Art therapy affecting employee performance.

My company recently announced that it is hosting a wine and paint day for workers this spring. It’s a chance to eat some cheese, make anything you can hang up and enjoy your colleagues’ artwork. I’m excited about this because one of my colleagues and I regularly discuss paintings we are working on, and artwork shows she is planning to attend.

It’s also great for us because our walls are boringly off-white, blank and an overall bummer to look at. We are in need of something for those partitions. It was a picture of Rod Blagojevich’s face on a rat’s body with a few dark, underworld-esque background.

This got me thinking about the effect creating art can have on your brain, anxiety levels and general health, and there is a lot to be optimistic about.

According to an article on the benefits of art therapy –“a type of expressive psychotherapy which uses the creative process of creating art to enhance an individual’s physical, psychological, and psychological well-being” — the advantages of producing art include a general sense of relief, overall better mental health, diminished stress and the opportunity to process complex emotions. It is a tool that people can use for their own advantage or a legitimate sort of treatment that professionals use to deal with people who have an assortment of psychological or psychological disorders like cancer, PTSD, psychological abuse and bipolar disorder.

The art studio out of my figure drawing course during college.

I took a figure drawing class in school while I studied abroad in Rome, and it would often be my favorite part of the week. After sitting on some early church’s steps nearby for 30 minutes and people-watching, I would get three hours at a quiet, dusty studio. It was an excellent opportunity to focus on one job for three hours straight and clear my mind of to-do lists and duties.

A different article from Business Insider also recorded several advantages of earning art for the ordinary person. Noteworthy here is that “making art” does not need to mean drawing or painting; it may be sculpting, dancing, making music or some other creative pursuit. Also, there are lots of scientific studies which were conducted to support the potential advantages of creating art.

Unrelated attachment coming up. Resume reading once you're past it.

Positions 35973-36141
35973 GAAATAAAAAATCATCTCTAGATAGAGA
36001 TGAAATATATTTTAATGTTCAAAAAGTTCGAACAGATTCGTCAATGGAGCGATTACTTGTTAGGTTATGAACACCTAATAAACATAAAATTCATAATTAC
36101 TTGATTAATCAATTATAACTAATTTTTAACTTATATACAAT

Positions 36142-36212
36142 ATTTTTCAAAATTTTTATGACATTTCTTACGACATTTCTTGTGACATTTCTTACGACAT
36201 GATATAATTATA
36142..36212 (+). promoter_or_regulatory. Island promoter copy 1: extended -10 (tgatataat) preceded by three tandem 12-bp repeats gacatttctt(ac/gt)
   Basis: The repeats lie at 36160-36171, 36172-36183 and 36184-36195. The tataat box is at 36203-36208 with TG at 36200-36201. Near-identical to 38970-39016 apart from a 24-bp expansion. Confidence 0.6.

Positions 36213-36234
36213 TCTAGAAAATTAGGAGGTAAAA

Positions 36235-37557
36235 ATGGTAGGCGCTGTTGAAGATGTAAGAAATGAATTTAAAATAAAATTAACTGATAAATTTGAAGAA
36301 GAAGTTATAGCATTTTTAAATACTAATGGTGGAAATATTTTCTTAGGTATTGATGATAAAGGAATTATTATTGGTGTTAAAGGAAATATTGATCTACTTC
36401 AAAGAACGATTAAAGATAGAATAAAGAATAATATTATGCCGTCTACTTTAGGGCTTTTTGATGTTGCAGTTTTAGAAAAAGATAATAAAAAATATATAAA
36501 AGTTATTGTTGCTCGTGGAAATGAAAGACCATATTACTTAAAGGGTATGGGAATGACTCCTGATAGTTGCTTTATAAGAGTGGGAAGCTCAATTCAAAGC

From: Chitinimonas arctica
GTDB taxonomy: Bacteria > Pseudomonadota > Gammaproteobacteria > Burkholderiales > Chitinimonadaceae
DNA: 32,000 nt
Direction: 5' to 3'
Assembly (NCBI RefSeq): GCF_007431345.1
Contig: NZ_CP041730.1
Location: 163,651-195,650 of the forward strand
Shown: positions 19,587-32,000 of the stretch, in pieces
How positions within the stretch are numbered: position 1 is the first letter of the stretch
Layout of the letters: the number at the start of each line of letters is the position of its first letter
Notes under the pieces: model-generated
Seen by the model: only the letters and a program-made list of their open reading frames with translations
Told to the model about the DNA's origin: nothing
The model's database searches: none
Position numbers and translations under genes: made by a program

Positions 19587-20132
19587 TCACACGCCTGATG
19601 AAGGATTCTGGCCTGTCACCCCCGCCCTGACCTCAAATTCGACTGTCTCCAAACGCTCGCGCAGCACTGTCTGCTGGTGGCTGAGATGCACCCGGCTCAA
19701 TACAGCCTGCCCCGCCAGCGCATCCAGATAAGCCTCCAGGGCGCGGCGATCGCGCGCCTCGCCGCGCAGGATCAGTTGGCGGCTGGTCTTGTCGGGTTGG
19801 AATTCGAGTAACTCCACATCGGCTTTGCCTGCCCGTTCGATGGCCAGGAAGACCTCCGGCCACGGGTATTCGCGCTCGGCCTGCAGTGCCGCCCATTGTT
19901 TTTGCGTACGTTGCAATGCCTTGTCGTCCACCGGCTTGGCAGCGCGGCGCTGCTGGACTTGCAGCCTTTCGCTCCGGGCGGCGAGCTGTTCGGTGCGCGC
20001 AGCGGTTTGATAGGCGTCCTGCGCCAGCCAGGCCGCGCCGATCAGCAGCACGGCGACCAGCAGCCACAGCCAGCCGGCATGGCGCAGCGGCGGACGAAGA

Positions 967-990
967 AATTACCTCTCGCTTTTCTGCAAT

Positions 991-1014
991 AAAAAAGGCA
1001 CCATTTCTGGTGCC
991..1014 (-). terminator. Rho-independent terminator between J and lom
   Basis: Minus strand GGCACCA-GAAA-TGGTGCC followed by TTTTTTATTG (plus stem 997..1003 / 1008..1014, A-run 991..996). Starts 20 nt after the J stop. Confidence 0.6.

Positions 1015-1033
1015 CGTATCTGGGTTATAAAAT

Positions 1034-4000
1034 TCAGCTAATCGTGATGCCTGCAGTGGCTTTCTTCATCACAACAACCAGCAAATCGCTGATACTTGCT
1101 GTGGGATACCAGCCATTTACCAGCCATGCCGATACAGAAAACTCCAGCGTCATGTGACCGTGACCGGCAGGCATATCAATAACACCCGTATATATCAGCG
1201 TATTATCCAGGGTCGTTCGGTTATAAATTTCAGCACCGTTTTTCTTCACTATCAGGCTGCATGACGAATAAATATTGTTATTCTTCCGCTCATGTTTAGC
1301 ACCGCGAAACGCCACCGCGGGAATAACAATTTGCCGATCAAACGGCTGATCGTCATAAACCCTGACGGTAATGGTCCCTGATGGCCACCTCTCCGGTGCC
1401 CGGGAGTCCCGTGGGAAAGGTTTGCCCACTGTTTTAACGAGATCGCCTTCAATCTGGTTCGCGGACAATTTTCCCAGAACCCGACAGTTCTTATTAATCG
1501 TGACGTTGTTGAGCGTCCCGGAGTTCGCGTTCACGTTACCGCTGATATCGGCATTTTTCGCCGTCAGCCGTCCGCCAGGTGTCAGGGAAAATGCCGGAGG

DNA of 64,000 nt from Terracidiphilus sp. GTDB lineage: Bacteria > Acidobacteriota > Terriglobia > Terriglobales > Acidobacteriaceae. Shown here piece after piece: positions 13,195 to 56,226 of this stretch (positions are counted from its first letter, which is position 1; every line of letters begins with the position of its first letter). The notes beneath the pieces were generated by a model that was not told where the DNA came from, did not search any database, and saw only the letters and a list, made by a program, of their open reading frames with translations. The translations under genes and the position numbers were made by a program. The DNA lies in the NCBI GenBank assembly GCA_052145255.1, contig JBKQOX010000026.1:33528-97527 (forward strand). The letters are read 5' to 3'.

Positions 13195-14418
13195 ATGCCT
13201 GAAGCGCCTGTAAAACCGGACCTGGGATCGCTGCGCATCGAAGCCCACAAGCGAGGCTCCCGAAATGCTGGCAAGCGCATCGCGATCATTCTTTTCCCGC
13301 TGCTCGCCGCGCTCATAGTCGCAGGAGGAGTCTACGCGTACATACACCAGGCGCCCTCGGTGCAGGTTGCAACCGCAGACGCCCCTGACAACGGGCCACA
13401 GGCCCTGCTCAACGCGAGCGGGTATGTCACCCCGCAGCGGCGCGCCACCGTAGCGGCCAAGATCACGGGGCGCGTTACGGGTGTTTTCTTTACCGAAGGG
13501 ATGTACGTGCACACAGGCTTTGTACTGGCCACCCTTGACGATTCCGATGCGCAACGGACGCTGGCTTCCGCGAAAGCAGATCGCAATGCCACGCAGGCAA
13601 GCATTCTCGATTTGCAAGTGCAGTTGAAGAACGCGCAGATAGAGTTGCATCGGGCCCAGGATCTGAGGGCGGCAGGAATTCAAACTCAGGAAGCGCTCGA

There is still further research to be done, but lots of these research results show promise. A Journal of Applied Cognitive Psychology research found that when folks doodle while listening to dull info, they are more likely to keep in mind that information and remain focused.

I believe that the office could learn a thing or two from those lessons. Sleeping enough, with a nutritious diet and exercising can help with stress relief, naturally, but something about the creative side can help, too.

The focus of health initiatives is so often something physical. Take this many measures; shed that lots of pounds; take a yoga class this several times a week; monitor your blood pressure another body measurement on this program. There’s a trend moving toward psychological or psychological well-being in health programs, but there is still more to be seen what happens in this area.

A collage of the Chicago Skyline made from portions of Chicago Tribune’s Sunday crosswords my loved ones, and I have finished.

I once asked a health professional I met at a seminar if workers could use funds given to them via an employer-sponsored wellness program on activities like art courses. Her response was that though that notion was fine in theory, it is tough to gauge the effects of the something like this.

So often it feels like corporate health programs are a lot more focused on what could be counted. Needless to say, there is a reason for this. This way results can be quantified, which permits a company to measure the effect of the program.